American National Election Studies, Cumulative Data File, 1948-2004

Data Archive > U.S. Surveys > General Population > National > National Election Studies > Summary


From the ANES website: "The ANES Project Staff has merged into a single data file cases and variables from each of the biennial American National Election Studies conducted since 1948. This file is called the ANES Cumulative Data File. Questions that have been asked in three or more Election Studies usually appear in the Cumulative Data File. The variables are coded in a comparable fashion across years. The version of the Cumulative Data File that is currently available pools data through the 2004 National Election Study to yield 47,438 cases. Note that the Cumulative Data File only includes data from the Time Series data collections (that is the Pre-/Post-Election Study in presidential election years and the Post-Election Study in midterm years). Data from other ANES studies, such as the 1984 Continuous Monitoring Study, the 1988 Super Tuesday Study, or the 1988-90-92 Senate Election Study, are not included in the Cumulative Data File."

Religion variables include religious affiliation, church attendance, subjective importance of religion, beliefs about the Bible, and attitudes toward school prayer.

For additional information on this file, see the American National Election Studies website: http://www.electionstudies.org/studypages/cdf/cdf.htm

Data File
Cases: 47,438
Variables: 950
Weight Variable: VCF0009, VCF0010, VCF0011, VCF0009a, VCF0010a, VCF0011a
Notes on the weight variables can be found in the appendices to this file, available here.
Data Collection
Date Collected: 1948 to 2004
Sampling Procedures
From the ANES website: "Over the years, the most common NES study design has been a cross-section, equal probability, sample. These designs are typically "self-weighting" -- i.e., the respondents do not need to be weighted to compensate for unequal probabilities of selection in order to restore the "representativeness" of the sample. On several occasions, however, ANES has departed from this standard design. In some years, NES "over-sampled" certain groups (African-Americans in 1964, for example). In other years, the Election Study combined a panel re-interview with a cross- section design (as in 1974, for example). It is important to understand that the Cumulative File is a file of pooled cross-section studies: any respondent for a particular study who is strictly "panel" or "supplement" has been deleted from the Cumulative File. For example, the sequence of studies 1972, 1974, and 1976, constitutes a panel, with cross-section respondents in 1972 and 1974 being re-interviewed in succeeding years. If a 1972 respondent moved out of the SRC sampling area, but was nevertheless re-interviewed, that respondent became a "panel only" respondent, and the representativeness of the 1974 cross-section was maintained by selecting a new respondent from the residents at the sample address from which the "panel only" respondent had moved. Such 1974 "panel only" respondents are not included among the 1974 respondents that appear in the Cumulative Data File. Because not all of the cross-section samples included in the Cumulative Data File are equal probability and thus self- weighting, all pooled cross-section descriptive analyses should be run using Variable 9, the weight variable. For most years, the value of that variable for all respondents is simply "1.0"."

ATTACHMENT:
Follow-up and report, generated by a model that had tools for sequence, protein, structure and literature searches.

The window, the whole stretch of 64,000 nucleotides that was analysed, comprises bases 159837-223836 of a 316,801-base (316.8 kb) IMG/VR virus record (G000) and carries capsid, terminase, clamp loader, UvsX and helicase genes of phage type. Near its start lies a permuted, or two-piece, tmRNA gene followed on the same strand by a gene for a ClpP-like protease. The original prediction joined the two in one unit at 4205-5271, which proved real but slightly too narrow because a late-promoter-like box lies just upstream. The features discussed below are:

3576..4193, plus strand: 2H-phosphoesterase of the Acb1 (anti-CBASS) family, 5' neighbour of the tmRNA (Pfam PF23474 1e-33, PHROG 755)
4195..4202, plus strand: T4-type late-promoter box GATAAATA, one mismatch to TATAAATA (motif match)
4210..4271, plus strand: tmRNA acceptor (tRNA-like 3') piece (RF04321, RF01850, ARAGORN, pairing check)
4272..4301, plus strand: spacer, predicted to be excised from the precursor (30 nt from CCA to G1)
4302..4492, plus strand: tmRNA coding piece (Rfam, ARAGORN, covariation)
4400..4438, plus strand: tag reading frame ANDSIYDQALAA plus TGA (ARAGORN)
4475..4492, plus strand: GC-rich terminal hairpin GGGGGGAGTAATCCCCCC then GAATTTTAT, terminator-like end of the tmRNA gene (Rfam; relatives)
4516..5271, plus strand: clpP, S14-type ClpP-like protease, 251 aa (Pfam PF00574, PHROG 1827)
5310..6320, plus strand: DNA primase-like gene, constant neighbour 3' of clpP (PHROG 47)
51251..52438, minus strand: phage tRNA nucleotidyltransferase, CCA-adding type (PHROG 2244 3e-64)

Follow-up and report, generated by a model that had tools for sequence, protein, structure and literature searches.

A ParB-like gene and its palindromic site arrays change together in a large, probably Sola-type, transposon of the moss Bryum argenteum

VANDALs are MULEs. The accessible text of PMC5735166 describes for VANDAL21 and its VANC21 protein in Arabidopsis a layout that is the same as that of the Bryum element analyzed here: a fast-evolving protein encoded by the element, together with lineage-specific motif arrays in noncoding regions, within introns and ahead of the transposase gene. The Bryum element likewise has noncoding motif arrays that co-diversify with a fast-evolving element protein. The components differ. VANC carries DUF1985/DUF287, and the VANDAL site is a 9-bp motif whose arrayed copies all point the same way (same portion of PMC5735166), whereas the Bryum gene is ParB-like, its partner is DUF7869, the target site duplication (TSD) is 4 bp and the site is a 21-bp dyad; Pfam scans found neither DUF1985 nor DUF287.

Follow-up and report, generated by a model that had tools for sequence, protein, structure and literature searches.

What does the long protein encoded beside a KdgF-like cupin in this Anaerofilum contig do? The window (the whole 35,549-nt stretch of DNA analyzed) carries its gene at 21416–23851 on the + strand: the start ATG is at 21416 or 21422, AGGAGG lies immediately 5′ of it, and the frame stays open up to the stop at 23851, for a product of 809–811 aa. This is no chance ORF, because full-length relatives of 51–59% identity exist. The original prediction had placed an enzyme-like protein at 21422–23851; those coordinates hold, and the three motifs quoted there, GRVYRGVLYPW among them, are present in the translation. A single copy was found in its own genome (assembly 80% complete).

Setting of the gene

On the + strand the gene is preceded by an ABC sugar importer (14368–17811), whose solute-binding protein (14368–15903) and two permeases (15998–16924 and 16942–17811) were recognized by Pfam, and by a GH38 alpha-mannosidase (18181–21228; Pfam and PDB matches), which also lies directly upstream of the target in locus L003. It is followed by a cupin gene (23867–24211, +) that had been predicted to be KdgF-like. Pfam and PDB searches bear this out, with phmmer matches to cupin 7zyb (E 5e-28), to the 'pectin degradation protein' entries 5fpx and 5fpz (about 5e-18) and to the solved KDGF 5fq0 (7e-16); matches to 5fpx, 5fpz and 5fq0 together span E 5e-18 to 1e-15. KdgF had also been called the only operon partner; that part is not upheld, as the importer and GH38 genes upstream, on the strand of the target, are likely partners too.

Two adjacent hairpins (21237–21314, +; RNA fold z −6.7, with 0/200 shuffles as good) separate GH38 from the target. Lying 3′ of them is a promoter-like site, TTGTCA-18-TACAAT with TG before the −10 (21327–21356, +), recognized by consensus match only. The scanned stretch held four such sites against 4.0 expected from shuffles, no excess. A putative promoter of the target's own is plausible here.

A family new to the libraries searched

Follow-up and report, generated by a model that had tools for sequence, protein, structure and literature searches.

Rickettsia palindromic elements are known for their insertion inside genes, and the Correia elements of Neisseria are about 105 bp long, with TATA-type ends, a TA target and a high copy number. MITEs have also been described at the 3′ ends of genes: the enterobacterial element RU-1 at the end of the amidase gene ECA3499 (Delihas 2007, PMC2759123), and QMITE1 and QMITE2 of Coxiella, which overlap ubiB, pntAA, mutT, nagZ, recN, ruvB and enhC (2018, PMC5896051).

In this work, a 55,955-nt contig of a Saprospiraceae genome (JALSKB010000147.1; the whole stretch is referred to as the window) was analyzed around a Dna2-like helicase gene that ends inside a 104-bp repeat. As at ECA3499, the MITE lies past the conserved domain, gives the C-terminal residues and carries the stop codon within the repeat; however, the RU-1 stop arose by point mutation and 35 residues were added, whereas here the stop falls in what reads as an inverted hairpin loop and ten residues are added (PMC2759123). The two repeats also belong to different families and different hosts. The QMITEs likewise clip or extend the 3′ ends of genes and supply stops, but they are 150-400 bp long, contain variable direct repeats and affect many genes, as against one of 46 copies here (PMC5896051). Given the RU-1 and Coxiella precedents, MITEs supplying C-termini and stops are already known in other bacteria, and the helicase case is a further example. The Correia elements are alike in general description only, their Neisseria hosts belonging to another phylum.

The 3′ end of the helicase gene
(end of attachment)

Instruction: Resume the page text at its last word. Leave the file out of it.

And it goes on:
Notes from ANES
Because each variable in the Cumulative Data File incorporates data for the same question from each of the ANES surveys, the file is particularly useful in service to three kinds of analysis: 1) analysis that focuses on over time change in citizens, in their individual characteristics, in the opinions they hold, and in their political behavior; 2) analysis that looks at subgroups of citizens that are represented by few cases in a single, cross-section sample, but by many more cases when several samples are combined; and 3) analysis that is concerned with replicating results over several elections. For these types of analyses, the chief advantage of relying on the Cumulative Data File, as opposed to combining, on one's own data from several National Election Studies, is that in constructing the Cumulative Data File, the ANES Project Staff have already gone through the trouble of recoding variables so that the same question has the same variable number and the same coding scheme for each of the Election Studies. A great deal of effort has gone into checking and verifying these recodes.

Those who use the Cumulative Data File should keep two things in mind: 1) the wording of questions occasionally changes over time to reflect changes in the political context in which the question is being asked. The NES Project Staff have done their best to document in the codebook any over time differences in question wording that have occurred; 2) even when a question is worded identically in successive surveys, analysts may still wish to examine the placement of the question in each questionnaire to ensure that changes in its placement are not contaminating one's results.
Notes from the ARDA staff
In order to make the online codebook shorter and more readable, we have edited it in two ways. First, we removed all question wordings but the most recent. Previous question wordings can be found by referring to the full codebook, which can be downloaded as a pdf file. Second, many questions have been truncated by removing introductory or background material included in the actual face-to-face interview. Full question wordings can be found by referring to the full codebook.

For all appendices to this file, see the ANES website.